During embryogenesis (4-6 weeks), toti- potent primordial germ cell migrates from yolk sac to the gonads via dorsal mesentry of the hindgut. Sequestration of stem cell can be possible during migration along the pathway. This is to explain the potential pathophysiology of germ cell tumour being extra-gonadal

20 Undifferentiated germ cell
Histological classification reflects the degree of differentiation of cells before they degenerate malignantly Primordial germ cell Dysgerminoma Undifferentiated germ cell Embryonal carcinoma Differentiation Extra-embryonic Intra-embryonic yolk sac tumour mature teratoma choriocarcinoma immature teratoma

21 Background of teratoma
Differentiated form of germ cell tumour Can differentiate into different germ layers (endoderm, ectoderm, mesoderm) Potentially composed of one or more germ layer, can be mono-dermal or poly-dermal

22 Grading / degree of differentiation of teratoma
Depend on degree of differentiation Can be classified into mature (80%), immature (16%) and teratoma with malignant transformation (4%) Sometimes tissue differentiation can be very specialised and form e.g. hair, tooth, eyeball, skin, bone, muscle Ectoderm: neuroglia, ganglion, keratinized stratified squamous epithelium, epidermis, hair, sebaceous, apocrine sweat gland, choroid, melanin-pigment Endoderm: bronchus, liver, thyroid, pancreas, salivary gland Mesoderm: smooth muscle fibre, vessel, fibrous tissue, adipose tissue, cartilage, bone, ciliated epithelium Dermoid cyst - usually refers to mature teratoma of ovaries but can apply to other sites, a special form of mature teratoma in which ectodermal tissue predominates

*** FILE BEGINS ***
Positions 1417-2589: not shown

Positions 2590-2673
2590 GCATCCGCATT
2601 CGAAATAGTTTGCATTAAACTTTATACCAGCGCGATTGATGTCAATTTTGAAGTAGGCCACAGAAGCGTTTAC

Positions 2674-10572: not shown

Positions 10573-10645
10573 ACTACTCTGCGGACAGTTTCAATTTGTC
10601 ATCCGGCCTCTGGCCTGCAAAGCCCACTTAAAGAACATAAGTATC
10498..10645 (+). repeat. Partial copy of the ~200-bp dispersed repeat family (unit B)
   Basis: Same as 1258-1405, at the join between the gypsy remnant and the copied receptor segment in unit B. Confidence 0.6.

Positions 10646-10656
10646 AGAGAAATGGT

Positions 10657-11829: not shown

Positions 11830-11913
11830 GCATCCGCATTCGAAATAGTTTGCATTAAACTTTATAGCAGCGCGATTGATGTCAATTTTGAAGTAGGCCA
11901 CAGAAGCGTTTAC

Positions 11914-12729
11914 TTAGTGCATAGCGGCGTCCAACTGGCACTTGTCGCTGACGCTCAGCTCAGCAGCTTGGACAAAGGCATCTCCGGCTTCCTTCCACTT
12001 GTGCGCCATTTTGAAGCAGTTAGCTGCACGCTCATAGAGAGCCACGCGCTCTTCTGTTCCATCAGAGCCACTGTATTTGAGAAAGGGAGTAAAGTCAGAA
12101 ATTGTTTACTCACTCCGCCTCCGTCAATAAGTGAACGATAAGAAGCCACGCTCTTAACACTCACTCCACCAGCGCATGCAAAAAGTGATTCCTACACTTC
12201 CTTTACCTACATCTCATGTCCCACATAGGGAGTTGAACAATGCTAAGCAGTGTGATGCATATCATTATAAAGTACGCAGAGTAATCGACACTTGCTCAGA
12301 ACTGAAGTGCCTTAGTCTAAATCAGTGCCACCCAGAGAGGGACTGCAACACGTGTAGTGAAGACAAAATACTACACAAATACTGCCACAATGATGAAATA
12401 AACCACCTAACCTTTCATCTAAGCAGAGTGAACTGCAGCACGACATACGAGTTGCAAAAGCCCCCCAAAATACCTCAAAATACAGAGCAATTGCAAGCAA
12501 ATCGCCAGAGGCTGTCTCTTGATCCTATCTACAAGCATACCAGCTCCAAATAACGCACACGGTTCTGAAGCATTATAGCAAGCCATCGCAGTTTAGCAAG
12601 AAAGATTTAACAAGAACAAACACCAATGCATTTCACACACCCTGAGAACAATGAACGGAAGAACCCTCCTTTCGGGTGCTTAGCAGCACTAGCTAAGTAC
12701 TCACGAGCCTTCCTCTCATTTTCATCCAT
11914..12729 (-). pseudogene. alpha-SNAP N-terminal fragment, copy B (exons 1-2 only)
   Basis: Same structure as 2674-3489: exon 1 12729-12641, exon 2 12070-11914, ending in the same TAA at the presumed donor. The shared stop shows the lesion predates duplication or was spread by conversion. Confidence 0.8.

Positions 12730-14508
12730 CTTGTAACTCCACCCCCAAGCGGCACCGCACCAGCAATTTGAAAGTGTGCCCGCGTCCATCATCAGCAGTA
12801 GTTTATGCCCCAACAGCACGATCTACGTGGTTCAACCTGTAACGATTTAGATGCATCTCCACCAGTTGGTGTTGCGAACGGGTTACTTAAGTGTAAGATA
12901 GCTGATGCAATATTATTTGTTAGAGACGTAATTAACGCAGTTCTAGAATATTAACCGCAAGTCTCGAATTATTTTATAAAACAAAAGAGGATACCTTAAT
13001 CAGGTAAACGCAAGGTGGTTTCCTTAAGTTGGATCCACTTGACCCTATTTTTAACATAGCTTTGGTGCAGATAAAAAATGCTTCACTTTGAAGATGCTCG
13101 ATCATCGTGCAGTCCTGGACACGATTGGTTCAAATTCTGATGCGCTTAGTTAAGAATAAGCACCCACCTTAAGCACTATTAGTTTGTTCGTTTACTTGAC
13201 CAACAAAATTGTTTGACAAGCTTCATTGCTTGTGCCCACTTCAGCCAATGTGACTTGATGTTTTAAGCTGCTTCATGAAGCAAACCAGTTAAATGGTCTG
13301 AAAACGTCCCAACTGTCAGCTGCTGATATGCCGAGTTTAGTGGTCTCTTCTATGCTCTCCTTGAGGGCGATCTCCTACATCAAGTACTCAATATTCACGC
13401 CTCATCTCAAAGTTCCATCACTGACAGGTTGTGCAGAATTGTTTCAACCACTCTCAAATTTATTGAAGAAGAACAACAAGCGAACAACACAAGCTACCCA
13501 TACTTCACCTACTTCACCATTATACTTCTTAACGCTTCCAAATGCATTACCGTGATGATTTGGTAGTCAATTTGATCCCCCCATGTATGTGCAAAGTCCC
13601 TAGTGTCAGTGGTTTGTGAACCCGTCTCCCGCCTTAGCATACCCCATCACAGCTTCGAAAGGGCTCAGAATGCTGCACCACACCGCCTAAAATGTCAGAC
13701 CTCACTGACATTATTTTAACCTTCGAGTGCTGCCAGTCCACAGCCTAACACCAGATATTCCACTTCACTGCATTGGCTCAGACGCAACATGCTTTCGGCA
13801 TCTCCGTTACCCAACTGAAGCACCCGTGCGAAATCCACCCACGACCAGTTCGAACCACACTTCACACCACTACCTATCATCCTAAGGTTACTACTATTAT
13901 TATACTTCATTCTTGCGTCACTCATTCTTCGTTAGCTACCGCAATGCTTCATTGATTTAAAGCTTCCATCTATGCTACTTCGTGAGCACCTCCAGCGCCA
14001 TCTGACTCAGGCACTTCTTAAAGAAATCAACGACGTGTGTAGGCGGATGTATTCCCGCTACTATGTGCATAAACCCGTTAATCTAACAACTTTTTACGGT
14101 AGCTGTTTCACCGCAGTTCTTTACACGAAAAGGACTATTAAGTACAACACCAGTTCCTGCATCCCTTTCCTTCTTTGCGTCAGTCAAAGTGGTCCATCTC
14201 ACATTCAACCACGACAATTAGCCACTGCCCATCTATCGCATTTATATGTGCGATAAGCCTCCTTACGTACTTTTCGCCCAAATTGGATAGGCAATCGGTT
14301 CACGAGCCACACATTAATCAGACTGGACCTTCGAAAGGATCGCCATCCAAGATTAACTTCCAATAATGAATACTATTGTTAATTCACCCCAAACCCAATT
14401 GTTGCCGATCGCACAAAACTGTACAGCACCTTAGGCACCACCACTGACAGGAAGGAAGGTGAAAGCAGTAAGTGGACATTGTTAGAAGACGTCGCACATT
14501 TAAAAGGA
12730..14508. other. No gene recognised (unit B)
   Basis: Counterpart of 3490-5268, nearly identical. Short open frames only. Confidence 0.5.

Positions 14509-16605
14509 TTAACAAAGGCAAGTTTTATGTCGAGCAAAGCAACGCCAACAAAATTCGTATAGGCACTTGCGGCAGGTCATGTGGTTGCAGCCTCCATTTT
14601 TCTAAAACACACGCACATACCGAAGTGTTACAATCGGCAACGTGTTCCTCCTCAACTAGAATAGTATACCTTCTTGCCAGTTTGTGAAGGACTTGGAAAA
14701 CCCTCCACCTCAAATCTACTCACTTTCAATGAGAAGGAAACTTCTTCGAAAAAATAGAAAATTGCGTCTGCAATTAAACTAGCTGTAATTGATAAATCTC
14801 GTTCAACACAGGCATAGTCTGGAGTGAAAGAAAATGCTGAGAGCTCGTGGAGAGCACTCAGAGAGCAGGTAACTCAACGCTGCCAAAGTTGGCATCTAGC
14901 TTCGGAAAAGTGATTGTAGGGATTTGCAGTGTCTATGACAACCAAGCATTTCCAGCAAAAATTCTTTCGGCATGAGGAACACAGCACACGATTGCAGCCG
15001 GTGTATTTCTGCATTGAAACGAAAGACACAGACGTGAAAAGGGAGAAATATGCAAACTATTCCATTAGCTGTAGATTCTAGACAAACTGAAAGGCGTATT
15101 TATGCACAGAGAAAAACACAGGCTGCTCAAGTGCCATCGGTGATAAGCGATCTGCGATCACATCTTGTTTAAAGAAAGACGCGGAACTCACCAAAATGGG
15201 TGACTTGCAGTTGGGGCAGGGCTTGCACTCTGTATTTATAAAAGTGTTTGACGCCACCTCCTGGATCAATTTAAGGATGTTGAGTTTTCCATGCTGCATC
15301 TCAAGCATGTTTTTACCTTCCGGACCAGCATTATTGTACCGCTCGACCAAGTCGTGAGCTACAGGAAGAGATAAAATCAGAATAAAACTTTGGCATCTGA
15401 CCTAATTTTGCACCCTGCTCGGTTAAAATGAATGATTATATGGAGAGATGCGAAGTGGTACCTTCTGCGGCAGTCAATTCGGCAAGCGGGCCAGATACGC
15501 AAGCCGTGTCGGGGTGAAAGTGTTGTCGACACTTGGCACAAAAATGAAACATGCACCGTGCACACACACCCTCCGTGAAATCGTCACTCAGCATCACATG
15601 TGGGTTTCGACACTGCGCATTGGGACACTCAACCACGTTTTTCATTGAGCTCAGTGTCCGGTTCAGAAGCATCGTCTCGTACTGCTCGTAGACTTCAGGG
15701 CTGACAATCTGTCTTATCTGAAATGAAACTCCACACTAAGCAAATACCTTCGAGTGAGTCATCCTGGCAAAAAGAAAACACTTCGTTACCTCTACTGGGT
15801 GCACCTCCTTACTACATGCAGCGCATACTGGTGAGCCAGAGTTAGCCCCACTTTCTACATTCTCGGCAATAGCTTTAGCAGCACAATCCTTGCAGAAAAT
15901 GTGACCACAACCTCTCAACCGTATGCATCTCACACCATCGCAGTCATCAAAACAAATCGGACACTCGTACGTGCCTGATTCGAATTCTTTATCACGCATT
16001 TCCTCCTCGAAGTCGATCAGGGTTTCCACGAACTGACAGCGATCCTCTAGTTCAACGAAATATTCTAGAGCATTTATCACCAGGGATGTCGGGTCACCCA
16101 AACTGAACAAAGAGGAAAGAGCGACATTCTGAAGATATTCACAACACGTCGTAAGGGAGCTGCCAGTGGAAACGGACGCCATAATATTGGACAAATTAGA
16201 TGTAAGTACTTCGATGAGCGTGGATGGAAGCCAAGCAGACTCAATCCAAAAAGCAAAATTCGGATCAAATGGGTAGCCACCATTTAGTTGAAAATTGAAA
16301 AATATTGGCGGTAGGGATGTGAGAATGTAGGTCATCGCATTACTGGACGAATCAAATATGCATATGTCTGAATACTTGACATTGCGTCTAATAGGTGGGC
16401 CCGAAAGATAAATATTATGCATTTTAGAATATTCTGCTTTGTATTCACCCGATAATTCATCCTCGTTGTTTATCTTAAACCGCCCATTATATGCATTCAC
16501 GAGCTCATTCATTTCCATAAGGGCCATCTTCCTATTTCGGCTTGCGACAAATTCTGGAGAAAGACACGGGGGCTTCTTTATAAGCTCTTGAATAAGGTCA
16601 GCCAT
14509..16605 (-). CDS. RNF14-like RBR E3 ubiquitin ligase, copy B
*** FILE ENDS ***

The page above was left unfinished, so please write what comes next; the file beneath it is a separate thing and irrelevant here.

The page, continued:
23 Location of lesion Appear most commonly in gonads and rare in other sites Extra-gonadal site being rare but potential sites included: anterior mediastinum, retro-peritoneum, central nervous system e.g. pineal gland, sacro-coccygeal

24 GIT teratoma GIT (gastro-intestinal tract) being the extra-gonadal site is extremely rare Can either be primary (arise de-novo inside bowel, congenital) or secondary (acquired, complicating from teratoma of other sites e.g. ovarian teratoma fistulating into colon) Secondary will be commoner than primary teratoma Upon literature search, in English literature, total cases reported difficult to ascertain, but certainly around 100 cases were reported since 1850 Most are isolated case reports, not even up to case series

25 GIT teratoma Primary (Congenital) Anorectal teratoma
Ileo-cecal teratoma As the totipotent cell moves along dorsal mesentery of hindgut, this explains why teratoma usually affects distal bowel Secondary From ovarian teratoma (as intra-abdominal and also in proximity to bowel loops)

26 GIT teratoma Primary (Congenital) Anorectal teratoma
Ileo-cecal teratoma As the totipotent cell moves along dorsal mesentery of hindgut, this explains why teratoma usually affects distal bowel (terminal small bowel + large bowel) Secondary From ovarian teratoma (as intra-abdominal and also in proximity to bowel loops)

27 Secondary colonic teratoma Background of Ovarian teratoma